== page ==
Format Audio Recordings
Contributors Johnson, Geraldine Niva
Schockley, Maggie
Dates 1978
Location Hillsville
United States
Virginia
Language English
Subjects Batting (Textiles)
Ethnography
Feed Sack Quilts
Interviews
Quilt Lining
Quilting
Recycled Fabrics
Tobacco Sack Quilts
Title
"She'd use cotton filler or old blankets."
Contributor Names
Johnson, Geraldine Niva, 1940- (Interviewer)
Schockley, Maggie (Creator)
Schockley, Maggie (Interviewee)
Created / Published
Hillsville, Virginia
Subject Headings
-  Quilting
-  recycled fabrics
-  quilt lining
-  batting (textiles)
-  feed sack quilts
-  tobacco sack quilts
-  Ethnography
-  Interviews
-  United States -- Virginia -- Hillsville
Genre
Ethnography
Interviews
Notes
-  Although Geraldine Johnson's notes indicate that this interview was cut short due to Mrs. Shockley's need to leave to take care of her mother, they nonetheless covered a lot of useful information within the limited time. Mrs. Shockley learned to quilt as a child, has made numerous quilts for her family, and sells quilt tops at a flea market. She talks a lot about her mother and has her mother's collection of quilt blocks. (Although not addressed in the interview, these blocks probably served as a reference collection, to remind the maker how the block goes together.) This interview is particularly interesting because of the amount of detail on the activities of an earlier quilting generation and because of Mrs. ShockleyÆs poignant comments about her realization that quilts are her motherÆs legacy.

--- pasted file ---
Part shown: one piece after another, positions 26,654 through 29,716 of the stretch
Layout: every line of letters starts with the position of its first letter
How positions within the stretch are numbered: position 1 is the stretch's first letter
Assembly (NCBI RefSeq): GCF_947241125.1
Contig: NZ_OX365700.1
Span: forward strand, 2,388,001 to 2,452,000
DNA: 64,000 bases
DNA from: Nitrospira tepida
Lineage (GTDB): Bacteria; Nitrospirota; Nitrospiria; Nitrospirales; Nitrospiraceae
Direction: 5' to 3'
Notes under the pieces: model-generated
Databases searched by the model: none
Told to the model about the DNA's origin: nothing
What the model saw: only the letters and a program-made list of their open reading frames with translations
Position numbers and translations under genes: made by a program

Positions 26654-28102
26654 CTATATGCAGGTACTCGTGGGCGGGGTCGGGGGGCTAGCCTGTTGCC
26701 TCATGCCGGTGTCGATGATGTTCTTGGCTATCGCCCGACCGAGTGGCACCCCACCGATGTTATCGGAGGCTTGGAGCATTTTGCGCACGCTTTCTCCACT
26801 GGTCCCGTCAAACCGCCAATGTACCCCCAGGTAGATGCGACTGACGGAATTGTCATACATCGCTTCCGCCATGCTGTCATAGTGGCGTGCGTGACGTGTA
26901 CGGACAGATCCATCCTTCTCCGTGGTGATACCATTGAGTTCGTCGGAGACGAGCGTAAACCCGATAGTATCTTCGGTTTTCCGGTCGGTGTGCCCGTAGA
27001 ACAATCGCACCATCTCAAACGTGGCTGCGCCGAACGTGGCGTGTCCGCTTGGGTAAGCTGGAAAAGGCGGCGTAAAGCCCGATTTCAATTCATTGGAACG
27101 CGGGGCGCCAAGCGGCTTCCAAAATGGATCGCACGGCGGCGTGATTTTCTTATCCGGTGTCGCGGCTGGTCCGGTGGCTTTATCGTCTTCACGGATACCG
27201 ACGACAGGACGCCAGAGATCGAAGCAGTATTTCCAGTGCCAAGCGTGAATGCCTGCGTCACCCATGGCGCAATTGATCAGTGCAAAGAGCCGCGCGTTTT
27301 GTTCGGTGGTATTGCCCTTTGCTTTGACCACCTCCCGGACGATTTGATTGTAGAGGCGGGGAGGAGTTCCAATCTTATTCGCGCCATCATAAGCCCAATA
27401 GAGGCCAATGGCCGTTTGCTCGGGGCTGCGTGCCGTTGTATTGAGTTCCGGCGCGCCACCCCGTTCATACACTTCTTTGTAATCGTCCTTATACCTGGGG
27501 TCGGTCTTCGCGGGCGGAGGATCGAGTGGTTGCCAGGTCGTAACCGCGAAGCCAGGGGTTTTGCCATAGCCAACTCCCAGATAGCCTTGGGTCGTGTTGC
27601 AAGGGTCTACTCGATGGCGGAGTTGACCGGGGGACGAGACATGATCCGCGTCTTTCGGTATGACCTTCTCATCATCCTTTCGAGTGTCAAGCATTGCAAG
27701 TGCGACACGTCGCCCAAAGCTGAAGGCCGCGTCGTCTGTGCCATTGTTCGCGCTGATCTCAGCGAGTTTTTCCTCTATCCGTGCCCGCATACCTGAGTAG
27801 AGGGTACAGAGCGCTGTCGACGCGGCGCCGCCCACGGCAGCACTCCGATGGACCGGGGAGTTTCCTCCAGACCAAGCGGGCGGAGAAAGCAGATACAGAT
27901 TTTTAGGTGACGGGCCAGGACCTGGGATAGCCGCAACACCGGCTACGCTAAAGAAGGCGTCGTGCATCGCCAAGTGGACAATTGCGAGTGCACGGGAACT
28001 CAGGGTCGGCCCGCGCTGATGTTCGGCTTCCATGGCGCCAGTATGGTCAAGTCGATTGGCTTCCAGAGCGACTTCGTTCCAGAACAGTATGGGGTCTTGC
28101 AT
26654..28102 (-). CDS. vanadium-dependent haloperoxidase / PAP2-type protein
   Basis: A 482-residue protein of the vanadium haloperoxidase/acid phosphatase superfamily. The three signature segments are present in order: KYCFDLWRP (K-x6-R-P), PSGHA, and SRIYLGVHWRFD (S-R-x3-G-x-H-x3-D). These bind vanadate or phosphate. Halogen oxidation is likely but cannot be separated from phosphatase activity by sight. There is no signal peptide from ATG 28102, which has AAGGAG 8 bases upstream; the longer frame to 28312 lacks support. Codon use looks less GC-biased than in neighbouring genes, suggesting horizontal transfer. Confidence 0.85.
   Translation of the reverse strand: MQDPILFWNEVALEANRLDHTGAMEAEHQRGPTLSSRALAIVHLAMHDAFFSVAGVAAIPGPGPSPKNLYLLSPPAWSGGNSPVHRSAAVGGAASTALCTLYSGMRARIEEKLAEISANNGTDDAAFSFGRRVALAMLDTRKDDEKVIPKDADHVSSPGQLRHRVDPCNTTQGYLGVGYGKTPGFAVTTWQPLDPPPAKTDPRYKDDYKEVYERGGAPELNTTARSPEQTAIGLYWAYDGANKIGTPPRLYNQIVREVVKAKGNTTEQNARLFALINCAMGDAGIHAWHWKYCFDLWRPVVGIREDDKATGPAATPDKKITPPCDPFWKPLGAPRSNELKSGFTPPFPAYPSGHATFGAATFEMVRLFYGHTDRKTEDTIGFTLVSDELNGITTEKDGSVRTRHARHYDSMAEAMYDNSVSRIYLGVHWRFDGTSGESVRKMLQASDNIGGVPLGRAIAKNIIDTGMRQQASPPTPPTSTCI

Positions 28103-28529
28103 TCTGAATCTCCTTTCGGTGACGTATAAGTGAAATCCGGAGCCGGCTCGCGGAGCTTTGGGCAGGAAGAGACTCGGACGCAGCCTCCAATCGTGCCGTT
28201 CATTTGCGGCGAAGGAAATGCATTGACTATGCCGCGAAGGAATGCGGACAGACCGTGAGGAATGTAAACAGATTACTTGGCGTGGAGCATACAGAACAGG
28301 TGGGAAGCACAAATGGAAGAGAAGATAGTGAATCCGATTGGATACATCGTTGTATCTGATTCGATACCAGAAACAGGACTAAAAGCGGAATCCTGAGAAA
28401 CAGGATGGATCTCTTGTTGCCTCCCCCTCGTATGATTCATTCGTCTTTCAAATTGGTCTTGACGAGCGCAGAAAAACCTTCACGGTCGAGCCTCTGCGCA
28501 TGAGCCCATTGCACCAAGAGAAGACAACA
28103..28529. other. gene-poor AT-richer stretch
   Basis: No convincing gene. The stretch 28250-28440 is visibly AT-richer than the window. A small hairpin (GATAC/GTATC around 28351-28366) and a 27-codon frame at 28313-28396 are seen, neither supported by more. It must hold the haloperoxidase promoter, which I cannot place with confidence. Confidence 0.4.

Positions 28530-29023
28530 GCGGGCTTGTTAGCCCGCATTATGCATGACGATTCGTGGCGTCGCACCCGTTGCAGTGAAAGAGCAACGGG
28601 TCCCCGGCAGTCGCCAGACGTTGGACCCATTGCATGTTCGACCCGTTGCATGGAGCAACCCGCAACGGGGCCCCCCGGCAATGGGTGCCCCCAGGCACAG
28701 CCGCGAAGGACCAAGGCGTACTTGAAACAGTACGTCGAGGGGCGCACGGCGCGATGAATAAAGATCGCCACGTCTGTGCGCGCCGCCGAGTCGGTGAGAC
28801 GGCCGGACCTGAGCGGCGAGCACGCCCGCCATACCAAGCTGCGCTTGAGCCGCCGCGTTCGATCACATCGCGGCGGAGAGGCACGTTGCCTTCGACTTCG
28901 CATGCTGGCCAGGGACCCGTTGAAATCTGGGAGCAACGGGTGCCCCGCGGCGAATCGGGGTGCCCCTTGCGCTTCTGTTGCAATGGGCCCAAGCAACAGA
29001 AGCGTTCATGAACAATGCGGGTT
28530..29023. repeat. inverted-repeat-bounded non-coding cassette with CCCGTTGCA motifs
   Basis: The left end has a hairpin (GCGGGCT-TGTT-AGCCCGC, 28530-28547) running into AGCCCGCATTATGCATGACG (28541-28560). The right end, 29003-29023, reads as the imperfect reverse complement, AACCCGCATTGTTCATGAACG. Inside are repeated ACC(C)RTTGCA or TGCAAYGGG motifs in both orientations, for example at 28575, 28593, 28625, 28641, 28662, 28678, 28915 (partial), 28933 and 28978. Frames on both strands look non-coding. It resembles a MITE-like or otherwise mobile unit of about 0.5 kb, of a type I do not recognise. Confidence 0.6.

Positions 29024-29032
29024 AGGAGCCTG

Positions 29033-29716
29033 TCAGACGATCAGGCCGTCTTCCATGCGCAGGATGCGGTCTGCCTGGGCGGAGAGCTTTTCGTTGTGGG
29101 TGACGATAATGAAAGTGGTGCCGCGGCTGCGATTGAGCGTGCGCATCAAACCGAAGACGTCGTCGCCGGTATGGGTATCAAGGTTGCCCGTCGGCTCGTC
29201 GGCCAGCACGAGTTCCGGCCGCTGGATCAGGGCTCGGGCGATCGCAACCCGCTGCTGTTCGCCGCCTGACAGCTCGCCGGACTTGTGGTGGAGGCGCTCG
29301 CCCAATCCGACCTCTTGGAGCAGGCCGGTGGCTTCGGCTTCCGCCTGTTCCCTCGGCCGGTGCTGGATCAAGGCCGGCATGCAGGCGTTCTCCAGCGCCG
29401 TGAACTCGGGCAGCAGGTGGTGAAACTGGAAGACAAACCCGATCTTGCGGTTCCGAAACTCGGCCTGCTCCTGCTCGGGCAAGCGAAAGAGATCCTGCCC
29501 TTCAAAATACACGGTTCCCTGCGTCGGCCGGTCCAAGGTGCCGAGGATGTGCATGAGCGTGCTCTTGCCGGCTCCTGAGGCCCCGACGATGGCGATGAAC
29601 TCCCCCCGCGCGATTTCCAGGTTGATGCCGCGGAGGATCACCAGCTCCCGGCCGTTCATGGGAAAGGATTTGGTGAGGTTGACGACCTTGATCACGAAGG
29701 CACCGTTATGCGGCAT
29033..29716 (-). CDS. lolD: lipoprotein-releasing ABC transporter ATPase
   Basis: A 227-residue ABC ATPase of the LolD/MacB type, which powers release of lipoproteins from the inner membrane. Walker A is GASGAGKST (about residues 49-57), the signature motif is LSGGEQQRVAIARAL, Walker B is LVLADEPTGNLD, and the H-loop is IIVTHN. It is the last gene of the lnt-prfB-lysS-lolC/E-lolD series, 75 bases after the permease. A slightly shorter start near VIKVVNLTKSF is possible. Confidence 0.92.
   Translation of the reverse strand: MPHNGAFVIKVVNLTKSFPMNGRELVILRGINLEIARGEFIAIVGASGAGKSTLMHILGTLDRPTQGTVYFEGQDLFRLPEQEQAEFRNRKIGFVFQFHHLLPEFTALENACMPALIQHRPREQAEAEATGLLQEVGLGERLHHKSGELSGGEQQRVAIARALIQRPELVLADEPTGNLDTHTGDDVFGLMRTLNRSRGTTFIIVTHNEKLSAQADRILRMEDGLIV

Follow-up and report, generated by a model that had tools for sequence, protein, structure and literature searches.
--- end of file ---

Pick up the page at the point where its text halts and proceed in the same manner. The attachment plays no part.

-  Transcription: GJ: What would she use as a filler then? / MS: Well, sometimes she would use old blankets, and . . . but at that time she, you could buy the cotton filler, and she did the, used the cotton filler. I think that I saw a star here in the shape that she / GJ: And then what would she use as the backing? / MS: Now this is the type of star that she made with the ones that we pieced. Well, the backing was, like the feed sacks, you know, you got flour, flour come in sacks. And it had printed letters on it. A lot of that was used. And sometimes you know she would, material was not too expensive but money was kind of scarce. Sometimes she would buy the little gingham checks or chambray, or whatever, you know that she could find. And I remember one time she sewed together a quilt lining out of Prince Albert smoking tobacco bags. If you ever saw those little bags, they're about so long and when, well when they're opened up they're not more than like five inches, I would say, and she sewed a quilt lining together out of the Prince Albert smoking tobacco bags. She washed these, and my dad smoked, and anybody else that would save 'em for her, you know. And so she made, has made quilt linings out of things of that type.
-  For rights information please contact the Folklife Reading Room at http://hdl.loc.gov/loc.afc/folklife.contact
Medium
Sound tape reel : 7 in.
Call Number
AFC 1982/009: BR8-GJ-R103
Source Collection
Blue Ridge Parkway Folklife Project Collection (AFC 1982/009)
Repository
American Folklife Center


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Blue Ridge Parkway Folklife Project collection, 1977-1981 (AFC 1982/009), American Folklife Center, Library of Congress

Lands' End all-American quilt collection, 1992-1997 (AFC 1997/011), American Folklife Center, Library of Congress

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